GDP growth is projected to remain close to 4% per annum in 2016 and 2017. A sharp hike in the minimum wage and social transfers in early 2016 will boost private consumption. However, the associated increase in labour costs, despite subsidies to alleviate them in the first year, will hurt competitiveness and exports. As the short-run impact of the jump in household income wanes, growth is projected to edge down in 2017.
Business and household confidence remain frail in the context of severe regional geopolitical tensions and a difficult domestic political climate. The implementation of the key provisions of the 2016 Action Plan, which entails convergence towards OECD good practices in many areas, would improve both domestic and international confidence, and support investment and growth.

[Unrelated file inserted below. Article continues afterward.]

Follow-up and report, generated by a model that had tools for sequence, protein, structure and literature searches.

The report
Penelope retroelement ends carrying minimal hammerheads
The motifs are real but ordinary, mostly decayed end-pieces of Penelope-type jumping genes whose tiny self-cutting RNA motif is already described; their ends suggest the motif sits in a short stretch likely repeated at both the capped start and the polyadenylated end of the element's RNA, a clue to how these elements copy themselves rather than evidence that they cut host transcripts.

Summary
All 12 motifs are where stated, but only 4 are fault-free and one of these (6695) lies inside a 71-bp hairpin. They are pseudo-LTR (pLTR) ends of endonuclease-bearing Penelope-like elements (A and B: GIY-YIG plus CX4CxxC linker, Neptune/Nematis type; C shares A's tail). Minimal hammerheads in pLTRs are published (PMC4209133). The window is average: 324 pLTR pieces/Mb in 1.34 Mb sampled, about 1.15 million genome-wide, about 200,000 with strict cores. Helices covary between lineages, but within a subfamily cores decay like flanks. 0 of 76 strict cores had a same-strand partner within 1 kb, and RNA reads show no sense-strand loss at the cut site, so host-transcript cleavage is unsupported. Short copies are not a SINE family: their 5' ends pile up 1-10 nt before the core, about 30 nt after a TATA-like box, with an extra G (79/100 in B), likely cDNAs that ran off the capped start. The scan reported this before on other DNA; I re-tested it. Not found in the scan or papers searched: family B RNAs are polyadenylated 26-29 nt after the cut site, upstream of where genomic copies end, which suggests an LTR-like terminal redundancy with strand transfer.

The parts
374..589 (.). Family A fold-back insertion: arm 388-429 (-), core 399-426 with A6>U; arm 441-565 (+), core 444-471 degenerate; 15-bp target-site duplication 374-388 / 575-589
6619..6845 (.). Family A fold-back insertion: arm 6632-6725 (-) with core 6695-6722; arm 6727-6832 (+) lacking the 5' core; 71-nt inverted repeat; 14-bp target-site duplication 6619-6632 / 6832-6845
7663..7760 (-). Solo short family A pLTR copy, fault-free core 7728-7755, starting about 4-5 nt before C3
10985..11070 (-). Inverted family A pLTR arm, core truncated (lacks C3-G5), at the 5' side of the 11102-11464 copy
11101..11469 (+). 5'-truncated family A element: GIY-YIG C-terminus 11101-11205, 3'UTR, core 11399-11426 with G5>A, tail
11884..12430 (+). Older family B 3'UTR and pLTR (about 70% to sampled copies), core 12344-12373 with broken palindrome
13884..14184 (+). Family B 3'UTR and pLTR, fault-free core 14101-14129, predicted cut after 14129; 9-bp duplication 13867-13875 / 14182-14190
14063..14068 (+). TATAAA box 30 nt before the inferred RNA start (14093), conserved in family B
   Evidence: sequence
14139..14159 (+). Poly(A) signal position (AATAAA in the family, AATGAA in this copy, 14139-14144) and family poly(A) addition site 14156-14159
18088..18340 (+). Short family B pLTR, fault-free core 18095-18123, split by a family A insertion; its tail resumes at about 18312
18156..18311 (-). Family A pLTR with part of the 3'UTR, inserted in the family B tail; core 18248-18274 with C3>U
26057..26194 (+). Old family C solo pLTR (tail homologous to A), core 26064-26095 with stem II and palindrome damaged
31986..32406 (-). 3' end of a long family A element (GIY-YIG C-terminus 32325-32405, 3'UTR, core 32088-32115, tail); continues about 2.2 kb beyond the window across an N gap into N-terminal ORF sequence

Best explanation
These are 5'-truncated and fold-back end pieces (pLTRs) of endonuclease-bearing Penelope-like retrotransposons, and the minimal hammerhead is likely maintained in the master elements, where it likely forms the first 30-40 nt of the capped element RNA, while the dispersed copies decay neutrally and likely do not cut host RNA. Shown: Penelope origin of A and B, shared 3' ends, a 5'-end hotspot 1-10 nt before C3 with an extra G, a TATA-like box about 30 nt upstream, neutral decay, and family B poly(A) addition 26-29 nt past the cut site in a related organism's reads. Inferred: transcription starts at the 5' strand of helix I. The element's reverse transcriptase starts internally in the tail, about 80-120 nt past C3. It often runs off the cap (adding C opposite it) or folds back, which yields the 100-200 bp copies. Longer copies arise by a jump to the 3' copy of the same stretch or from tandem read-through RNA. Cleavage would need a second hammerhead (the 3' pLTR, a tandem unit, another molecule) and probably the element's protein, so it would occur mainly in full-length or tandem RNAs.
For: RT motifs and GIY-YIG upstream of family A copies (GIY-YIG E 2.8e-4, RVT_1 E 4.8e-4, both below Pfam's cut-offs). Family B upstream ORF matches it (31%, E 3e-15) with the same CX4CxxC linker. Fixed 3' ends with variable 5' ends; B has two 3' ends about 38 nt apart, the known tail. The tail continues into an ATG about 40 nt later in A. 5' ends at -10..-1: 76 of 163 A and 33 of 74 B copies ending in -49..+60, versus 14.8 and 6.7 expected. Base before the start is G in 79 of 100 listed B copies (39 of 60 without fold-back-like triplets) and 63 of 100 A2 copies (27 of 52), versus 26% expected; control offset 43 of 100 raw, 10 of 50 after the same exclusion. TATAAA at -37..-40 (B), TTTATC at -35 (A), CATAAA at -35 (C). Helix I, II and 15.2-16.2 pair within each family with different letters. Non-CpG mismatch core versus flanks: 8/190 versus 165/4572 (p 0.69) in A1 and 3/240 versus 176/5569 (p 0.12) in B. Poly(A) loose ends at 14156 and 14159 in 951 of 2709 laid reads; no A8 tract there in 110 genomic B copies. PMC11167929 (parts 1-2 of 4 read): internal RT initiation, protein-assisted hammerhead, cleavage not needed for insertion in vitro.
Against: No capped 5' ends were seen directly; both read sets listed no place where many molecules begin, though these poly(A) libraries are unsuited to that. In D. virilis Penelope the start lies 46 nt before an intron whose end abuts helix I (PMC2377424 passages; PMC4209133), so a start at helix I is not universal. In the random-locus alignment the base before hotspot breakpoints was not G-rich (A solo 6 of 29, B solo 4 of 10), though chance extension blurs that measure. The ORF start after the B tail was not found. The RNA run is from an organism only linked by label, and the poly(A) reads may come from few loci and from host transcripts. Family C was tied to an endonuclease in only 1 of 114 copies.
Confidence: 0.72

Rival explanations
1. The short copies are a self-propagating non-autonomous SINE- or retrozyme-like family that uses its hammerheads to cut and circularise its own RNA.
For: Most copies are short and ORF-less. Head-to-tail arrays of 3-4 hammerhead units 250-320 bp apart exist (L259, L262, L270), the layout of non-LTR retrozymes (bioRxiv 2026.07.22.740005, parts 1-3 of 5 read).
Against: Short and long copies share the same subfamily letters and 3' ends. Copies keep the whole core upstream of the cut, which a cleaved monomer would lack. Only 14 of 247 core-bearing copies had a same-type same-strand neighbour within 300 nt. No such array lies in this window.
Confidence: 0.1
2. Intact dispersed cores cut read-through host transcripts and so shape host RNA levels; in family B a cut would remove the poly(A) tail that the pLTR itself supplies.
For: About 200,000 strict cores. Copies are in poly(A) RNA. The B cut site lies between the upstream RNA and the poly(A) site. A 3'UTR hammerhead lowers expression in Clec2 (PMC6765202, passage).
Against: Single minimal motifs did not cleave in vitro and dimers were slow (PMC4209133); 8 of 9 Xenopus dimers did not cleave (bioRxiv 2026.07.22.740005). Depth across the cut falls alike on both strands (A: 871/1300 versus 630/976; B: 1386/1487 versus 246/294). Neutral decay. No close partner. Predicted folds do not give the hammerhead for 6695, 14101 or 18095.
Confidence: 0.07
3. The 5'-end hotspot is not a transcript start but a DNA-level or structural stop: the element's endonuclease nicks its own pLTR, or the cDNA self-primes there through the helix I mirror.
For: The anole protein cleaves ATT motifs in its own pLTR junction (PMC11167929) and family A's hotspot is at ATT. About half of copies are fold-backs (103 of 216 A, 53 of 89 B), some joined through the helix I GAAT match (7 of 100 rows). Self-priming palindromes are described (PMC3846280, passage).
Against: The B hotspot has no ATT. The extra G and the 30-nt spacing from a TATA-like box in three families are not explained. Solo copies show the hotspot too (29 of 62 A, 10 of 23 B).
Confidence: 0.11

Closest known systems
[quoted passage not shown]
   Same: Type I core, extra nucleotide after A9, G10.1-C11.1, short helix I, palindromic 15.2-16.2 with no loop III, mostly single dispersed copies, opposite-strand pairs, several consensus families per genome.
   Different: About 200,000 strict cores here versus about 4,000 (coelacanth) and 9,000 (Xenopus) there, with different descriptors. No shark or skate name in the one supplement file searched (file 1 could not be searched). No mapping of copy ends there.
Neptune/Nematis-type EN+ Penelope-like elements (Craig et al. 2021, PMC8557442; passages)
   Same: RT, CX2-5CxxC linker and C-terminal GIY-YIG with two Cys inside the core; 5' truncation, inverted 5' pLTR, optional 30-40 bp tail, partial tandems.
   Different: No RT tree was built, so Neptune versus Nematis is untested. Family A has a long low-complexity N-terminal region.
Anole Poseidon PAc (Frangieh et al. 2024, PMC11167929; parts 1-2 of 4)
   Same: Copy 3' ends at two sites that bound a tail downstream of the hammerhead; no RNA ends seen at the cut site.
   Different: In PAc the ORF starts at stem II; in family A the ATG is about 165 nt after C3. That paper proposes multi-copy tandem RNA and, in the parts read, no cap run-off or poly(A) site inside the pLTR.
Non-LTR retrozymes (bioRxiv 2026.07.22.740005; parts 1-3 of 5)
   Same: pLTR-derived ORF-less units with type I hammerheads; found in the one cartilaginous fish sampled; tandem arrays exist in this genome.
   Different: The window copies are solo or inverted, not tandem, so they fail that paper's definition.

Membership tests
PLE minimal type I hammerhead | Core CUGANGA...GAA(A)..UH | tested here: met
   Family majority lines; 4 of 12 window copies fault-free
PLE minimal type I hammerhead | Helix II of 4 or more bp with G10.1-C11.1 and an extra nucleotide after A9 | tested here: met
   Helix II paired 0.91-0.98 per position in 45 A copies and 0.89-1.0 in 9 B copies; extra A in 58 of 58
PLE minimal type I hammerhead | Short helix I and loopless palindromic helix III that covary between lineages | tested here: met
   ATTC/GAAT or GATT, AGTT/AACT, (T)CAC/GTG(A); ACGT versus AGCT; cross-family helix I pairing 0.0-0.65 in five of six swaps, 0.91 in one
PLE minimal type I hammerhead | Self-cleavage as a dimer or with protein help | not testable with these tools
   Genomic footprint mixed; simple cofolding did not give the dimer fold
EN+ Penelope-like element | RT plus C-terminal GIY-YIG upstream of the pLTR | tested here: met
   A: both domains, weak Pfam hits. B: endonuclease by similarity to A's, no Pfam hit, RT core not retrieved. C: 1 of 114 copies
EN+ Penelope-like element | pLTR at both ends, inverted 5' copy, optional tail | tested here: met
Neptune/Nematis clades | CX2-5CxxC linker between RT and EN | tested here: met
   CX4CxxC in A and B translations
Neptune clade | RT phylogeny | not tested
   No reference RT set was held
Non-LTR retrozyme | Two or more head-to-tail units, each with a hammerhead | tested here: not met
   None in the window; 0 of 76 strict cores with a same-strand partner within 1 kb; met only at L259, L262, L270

Productivity is undermined by the fragmentation of the business sector. Efficient firms cannot grow at full potential due to shortcomings in the regulatory framework. At the same time, low-productivity entities, which employ a large share of the low-skilled, survive thanks to the incomplete enforcement of rules and regulations. The resulting stalemate calls for a comprehensive upgrading of the business environment and skills, to foster the shift of resources from low to higher-productivity firms.
Economic Survey of Turkey (survey page)
The Economic Consequences of Brexit: A Taxing Decision (main web page with paper)
Structural reforms in a difficult time (blog + paper)
Public spending efficiency in the OECD (blog + paper)